“Spring: a lovely reminder of just how beautiful change can be.” — Anonymous

Spring is coming, which means it’s time to start thinking about spring cleaning. There’s something about nice weather that brings motivation for a fresh start. Before you reach for your cleaners and get to work, let’s do a little digging into the ingredients they may contain.

Did you know? In 2000, cleaning products were responsible for nearly 10% of all toxic exposures reported to U.S. Poison Control Centers, accounting for 206,636 calls. With no federal regulations on ingredients in household products, the only way you can protect yourself is to learn how to read labels.

Let’s take a look at the top 5 ingredients to avoid and why.

This ingredient is BIG, and it’s in just about every household product. Synthetic scents or “fragrances” represent an unidentified mixture of ingredients including carcinogens, allergens, respiratory irritants, endocrine disruptors, neurotoxic chemicals, and environmental toxicants. These artificial scents can be found in all kinds of body care and cosmetic products, as well as candles, air fresheners, cleaning materials, and laundry detergents.

In general, there are at least 3,000 ingredients that could possibly be used to form a product’s scent. That’s according to the online “Transparency List” put out by the International Fragrance Association, an industry trade group. It may seem unbelievable, but the FDA doesn’t currently require fragrance and cosmetic makers to disclose exactly what they are using to scent products. If companies are using natural ingredients, why would they be shy? Many will say that their formulas are proprietary and they don’t want other companies copying them. The FDA website also states how the agency cannot legally require companies to warn about allergens in cosmetics like they do with food.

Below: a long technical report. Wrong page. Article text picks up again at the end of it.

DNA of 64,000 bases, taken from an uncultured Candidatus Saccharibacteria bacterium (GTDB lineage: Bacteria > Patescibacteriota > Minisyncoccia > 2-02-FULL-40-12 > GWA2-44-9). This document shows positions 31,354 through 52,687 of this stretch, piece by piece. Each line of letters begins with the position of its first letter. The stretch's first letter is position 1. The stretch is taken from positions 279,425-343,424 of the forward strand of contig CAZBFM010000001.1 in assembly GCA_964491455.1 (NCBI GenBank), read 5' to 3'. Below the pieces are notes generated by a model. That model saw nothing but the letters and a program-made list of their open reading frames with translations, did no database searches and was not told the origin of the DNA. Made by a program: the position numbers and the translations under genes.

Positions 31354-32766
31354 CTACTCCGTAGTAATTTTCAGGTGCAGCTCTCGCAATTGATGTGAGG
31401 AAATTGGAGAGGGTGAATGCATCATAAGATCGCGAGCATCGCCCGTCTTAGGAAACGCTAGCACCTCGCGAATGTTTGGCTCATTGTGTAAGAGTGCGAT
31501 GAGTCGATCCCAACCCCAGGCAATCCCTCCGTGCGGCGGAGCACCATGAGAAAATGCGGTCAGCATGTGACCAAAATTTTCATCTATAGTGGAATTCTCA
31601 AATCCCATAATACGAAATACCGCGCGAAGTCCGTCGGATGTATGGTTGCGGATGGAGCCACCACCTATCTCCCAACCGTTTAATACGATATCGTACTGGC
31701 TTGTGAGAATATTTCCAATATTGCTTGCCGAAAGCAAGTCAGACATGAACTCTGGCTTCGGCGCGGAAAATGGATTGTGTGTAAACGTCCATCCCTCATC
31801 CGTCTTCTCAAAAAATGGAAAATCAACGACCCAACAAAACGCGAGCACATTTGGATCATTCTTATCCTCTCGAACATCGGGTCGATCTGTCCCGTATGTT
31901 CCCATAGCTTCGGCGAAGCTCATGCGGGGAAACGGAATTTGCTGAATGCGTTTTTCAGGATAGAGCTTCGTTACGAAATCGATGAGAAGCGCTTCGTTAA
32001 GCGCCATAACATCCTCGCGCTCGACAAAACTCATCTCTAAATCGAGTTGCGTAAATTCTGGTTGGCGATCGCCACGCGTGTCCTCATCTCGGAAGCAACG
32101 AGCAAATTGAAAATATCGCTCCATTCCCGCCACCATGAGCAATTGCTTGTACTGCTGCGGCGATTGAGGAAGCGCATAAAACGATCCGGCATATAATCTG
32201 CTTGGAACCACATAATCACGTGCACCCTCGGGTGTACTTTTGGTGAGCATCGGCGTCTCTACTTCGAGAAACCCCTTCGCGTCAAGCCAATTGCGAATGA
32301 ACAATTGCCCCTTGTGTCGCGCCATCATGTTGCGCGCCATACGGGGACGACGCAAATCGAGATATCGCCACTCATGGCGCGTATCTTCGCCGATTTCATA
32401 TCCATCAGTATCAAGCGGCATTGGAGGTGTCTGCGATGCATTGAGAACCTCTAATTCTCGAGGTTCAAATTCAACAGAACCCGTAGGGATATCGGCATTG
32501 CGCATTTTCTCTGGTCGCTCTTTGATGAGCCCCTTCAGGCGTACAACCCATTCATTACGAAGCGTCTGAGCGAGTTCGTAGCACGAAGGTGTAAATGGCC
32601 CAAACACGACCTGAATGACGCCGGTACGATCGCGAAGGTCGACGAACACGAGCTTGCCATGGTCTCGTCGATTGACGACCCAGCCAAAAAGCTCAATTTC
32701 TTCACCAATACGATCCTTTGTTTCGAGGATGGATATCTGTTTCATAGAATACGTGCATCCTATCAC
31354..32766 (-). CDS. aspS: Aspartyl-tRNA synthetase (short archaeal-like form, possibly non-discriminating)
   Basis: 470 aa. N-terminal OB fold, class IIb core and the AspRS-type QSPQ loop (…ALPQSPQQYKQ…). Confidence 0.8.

Are you wondering why companies would continue to use synthetic scents if they’re so bad for your health? The answer is straightforward — they’re cheaper. Synthetic scents can be an extremely cheap way to give everything from shampoo to lotion to candles a desirable scent. Unfortunately, just because you enjoy a scent, doesn’t mean it’s good for you." Source - https://draxe.com/health/dangers-synthetic-scents/

Parabens are preservatives that mimic estrogen. They are found in many cosmetics & personal care items. When combined with heregulin, a growth-promoting substance normally found in breast tissue, the effects are multiplied by 100x, contributing to breast cancer and tumor growth. Phthalates are a low-cost endocrine-disrupting chemical that in lab studies has shown to interfere with hormone production in rats and mimic estrogen in human studies. It’s found in: plastic food packaging, lotions, skin moisturizers, fragrance, cleaners, glues, and nail polish.

This chemical is used to de-grease car engines. It is also added to some toothpaste, soaps, detergent, and skin products. It’s in just about everything. It damages the kidneys, liver, teeth, endocrine system, causes hair loss, cataracts, ulcers, major toxicity, headaches, nausea, coughing, congestion, and more.

An antibacterial agent registered as a pesticide by the EPA. Topical absorption has shown disturbances to the endocrine system and is believed to lead to birth defects and uncontrollable cell growth. It’s found in: liquid soap, laundry detergent, deodorant, cosmetics, shave gel, first aid spray, kitchenware, and toys.

While there are many, many other ingredients that you should be aware of, these are my "TOP OFFENDERS". As you go further on this journey of low toxin living, you will learn about so many more.

The good new is there are cleaning products available that do not contain these ingredients. They can be hard to find. I use some great ones! Click HERE  to learn more about them.

If you need some inspiration to get you started on your cleaning, sign up for my Spring Cleaning Challenge. It’s full of FANTASTIC information and it’s FREE! Are you ready to join in? Let’s DO IT!!!
Click the button below.

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Note: There may be affiliate links in this post. • I am not a doctor. All information is for educational use only and is not intended as a substitute for advice from your physician or other health care professional.


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